Higher Education Budget
All Minnesotans deserve a world-class education. The Higher Education budget we approved on Saturday will make it more accessible for students and their families. In addition to providing funding for the University of Minnesota, the budget expands the state grant program, which will impact more than 75,000 students and provide access to nearly 3,000 applicants. Thanks to the advocacy of House DFLers, the budget also includes scholarships for aspiring teachers of color and Indigenous teachers. This will get more teachers of color into the classroom and help address Minnesota’s persistent opportunity gaps.
Minnesota’s Legacy Amendment - a constitutional amendment voters approved in 2008 - has generated more than $4 billion in the past decade. This year’s Legacy budget builds on that success. It provides funding for the outdoors, water, parks and trails, and arts and culture. One of the notable provisions supports swimming lessons for low-income children. Drowning is the second leading cause of death for children under 14, and this funding will help teach more kids how to be safe in and around water.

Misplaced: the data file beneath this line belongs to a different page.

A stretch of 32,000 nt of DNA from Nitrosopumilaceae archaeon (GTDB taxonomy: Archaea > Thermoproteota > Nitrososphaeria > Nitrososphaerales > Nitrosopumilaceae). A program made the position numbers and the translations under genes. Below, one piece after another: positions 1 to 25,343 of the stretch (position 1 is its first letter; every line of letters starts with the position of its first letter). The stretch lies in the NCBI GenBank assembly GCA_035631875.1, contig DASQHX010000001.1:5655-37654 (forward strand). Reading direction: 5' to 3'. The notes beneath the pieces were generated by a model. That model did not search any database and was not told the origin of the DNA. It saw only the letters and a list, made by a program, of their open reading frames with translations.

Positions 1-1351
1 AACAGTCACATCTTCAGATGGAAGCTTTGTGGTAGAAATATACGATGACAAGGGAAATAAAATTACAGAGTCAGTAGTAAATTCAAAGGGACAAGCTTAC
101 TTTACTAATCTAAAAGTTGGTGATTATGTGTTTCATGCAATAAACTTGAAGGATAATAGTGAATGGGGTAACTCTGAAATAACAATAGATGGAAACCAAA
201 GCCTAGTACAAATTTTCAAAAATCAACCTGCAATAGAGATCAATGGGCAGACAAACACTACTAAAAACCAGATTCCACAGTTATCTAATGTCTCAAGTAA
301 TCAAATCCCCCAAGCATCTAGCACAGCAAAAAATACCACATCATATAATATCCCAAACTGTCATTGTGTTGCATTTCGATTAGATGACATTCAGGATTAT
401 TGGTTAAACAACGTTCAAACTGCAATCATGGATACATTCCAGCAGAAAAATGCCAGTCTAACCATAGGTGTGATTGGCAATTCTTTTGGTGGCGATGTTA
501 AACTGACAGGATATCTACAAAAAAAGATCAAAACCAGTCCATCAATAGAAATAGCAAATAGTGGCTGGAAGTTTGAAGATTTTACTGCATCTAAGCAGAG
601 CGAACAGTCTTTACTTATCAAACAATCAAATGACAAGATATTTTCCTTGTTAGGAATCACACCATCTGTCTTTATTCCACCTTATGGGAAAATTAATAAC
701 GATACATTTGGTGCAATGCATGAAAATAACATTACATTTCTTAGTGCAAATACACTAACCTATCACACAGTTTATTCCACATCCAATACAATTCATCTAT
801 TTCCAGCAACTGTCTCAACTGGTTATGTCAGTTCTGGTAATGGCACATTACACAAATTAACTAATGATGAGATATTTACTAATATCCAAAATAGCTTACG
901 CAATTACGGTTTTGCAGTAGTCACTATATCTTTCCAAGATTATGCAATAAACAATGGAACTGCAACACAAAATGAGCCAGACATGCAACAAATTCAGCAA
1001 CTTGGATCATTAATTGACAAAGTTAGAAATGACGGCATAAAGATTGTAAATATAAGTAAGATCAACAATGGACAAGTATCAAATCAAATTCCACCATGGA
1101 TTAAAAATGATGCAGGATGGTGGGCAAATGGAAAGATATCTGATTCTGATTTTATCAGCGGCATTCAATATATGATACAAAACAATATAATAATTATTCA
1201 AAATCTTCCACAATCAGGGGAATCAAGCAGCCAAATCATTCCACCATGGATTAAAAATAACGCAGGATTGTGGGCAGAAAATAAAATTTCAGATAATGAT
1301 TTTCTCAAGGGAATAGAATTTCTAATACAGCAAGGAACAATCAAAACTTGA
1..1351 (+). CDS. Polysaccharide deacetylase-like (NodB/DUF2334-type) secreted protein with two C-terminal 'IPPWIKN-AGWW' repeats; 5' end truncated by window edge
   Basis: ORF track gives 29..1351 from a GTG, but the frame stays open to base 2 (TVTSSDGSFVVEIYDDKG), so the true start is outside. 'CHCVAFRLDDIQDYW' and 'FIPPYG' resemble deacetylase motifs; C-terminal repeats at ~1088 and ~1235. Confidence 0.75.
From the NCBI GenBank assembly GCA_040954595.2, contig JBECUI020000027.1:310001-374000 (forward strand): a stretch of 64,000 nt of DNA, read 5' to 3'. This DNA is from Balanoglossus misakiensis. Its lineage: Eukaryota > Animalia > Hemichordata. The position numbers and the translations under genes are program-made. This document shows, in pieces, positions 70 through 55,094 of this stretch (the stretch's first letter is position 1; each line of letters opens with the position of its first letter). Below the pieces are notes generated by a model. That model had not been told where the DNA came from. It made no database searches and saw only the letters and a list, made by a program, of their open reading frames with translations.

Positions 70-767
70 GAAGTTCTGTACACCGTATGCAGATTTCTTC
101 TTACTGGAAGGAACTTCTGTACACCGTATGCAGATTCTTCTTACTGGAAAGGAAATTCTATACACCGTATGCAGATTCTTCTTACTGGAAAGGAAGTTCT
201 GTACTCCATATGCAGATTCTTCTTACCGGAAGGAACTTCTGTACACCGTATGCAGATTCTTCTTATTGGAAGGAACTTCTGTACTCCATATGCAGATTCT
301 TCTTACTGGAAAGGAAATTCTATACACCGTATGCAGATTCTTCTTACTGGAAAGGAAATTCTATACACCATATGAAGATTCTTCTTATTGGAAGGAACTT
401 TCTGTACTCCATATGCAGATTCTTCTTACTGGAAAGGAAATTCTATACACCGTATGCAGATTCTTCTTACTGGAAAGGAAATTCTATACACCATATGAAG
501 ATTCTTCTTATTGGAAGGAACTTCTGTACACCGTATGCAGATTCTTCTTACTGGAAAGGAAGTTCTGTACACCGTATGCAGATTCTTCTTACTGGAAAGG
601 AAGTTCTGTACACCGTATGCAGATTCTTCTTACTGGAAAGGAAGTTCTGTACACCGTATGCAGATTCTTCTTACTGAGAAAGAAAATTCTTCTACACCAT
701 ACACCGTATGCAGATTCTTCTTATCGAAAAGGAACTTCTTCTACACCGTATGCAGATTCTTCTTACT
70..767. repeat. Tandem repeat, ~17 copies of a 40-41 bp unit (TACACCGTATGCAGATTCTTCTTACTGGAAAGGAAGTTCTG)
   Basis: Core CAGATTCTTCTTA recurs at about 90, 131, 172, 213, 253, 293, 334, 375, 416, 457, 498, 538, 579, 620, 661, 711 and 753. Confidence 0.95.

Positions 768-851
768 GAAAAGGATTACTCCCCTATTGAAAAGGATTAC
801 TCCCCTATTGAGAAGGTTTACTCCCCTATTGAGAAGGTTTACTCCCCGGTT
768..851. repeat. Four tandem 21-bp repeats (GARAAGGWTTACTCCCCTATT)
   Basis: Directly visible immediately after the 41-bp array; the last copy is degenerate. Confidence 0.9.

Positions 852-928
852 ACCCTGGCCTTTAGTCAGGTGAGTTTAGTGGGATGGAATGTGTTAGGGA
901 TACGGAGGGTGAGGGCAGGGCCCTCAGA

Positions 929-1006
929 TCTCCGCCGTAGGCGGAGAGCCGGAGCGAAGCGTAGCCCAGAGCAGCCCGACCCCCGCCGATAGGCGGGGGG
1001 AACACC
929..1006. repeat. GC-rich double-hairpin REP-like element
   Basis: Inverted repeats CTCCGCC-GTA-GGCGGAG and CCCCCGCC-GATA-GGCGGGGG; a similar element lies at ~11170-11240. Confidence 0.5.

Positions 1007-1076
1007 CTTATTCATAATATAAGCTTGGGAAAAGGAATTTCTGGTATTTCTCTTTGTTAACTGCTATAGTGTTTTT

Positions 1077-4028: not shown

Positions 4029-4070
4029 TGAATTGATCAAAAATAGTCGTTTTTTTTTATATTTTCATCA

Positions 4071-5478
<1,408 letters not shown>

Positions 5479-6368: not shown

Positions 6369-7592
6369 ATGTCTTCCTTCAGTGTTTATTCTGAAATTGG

In addition to supporting current farmers, our Agriculture budget invests in the future of farming and food production. It creates opportunities for more people to join the industry, including Black, Brown, and Indigenous Minnesotans, those living in urban areas, and young people, and provides resources for future farmers. Other investments will help develop new markets and environmentally-friendly food production practices.
It’s Pollinator Week in Minnesota! This annual event highlights the importance of bees, birds, butterflies, and other pollinators - species that play a critical role in our ecosystems and food supply. Pollinator populations are declining worldwide, but there are things all of us can do to help. The Board of Water and Soil Resources’ website has a wealth of information about creating pollinator gardens and other steps you can take to protect our pollinators.
If you have questions or input, please email me at email@example.com or call (651) 296-4200. I look forward to hearing from you!